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First Nations file court challenge against B.C. government over Northern Gateway

A protest held against the Northern Gateway pipeline in Vancouver.
Image Credit: THE CANADIAN PRESS/Jonathan Hayward
January 13, 2015 - 12:22 PM

VANCOUVER - Two First Nations have launched a court challenge against the B.C. government, saying the province shirked its responsibility by failing to make a decision on the Northern Gateway project.

The Gitga'at First Nation and the Coastal First Nations say a proposed pipeline would put their coastal communities at risk of potential oil spills.

They argue the province signed an agreement to partner with the federal government without consulting them about the project in violation of their rights.

The First Nations say B.C.'s agreement with the National Energy Board meant it gave up power to review the project and impose tougher measures to protect the environment.

Coastal First Nations spokesman Art Sterritt says the province made a legal mistake by avoiding responsibility on the future of the project.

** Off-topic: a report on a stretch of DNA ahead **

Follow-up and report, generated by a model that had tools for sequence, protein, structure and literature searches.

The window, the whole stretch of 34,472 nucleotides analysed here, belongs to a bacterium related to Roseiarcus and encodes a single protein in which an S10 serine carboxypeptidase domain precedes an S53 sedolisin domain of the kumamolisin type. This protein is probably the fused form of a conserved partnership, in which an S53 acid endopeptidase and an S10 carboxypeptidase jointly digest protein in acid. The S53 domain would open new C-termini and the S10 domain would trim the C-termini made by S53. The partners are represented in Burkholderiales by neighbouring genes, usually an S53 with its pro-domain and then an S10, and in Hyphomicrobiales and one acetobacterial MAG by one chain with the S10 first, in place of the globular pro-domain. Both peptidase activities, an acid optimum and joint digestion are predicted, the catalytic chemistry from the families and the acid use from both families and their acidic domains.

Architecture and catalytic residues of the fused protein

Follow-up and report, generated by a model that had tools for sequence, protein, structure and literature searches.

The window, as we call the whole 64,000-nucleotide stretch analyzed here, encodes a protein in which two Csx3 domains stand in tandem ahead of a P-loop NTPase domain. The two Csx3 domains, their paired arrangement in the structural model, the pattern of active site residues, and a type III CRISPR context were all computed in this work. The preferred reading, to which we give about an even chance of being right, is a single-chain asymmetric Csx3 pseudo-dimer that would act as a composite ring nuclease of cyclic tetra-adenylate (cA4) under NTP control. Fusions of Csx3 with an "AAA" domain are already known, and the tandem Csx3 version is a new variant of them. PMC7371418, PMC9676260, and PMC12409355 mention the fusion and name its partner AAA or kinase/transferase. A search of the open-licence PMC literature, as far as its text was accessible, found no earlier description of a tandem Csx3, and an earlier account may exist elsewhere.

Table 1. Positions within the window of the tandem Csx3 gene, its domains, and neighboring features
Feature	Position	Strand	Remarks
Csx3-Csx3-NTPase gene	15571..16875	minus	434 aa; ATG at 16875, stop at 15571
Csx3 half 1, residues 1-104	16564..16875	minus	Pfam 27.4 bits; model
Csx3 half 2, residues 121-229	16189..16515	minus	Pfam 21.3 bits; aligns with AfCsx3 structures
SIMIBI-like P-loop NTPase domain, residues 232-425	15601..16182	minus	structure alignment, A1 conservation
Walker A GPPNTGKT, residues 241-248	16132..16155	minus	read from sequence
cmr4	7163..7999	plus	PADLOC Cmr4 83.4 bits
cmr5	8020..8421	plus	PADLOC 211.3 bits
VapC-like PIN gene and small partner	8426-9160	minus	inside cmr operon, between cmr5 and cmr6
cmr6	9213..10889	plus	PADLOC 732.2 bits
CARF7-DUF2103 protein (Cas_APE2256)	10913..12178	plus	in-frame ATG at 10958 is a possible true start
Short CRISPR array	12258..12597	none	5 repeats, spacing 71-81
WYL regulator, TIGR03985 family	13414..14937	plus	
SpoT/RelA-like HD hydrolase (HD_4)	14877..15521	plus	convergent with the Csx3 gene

The Gitga'at have already asked the Federal Court of Appeal to recognize the band's aboriginal title along the proposed tanker route where ships would carry oil from the pipeline.

The proposed tanker route leaving from Kitimat, B.C. is show on a map Thursday, Sept, 19, 2013. Some time in the next 10 days, the federal government is supposed to announce its final decision on the Northern Gateway pipeline - the multibillion-dollar political minefield dividing the West.
The proposed tanker route leaving from Kitimat, B.C. is show on a map Thursday, Sept, 19, 2013. Some time in the next 10 days, the federal government is supposed to announce its final decision on the Northern Gateway pipeline - the multibillion-dollar political minefield dividing the West.
Image Credit: THE CANADIAN PRESS/Jonathan Hayward

News from © The Canadian Press, 2015
The Canadian Press

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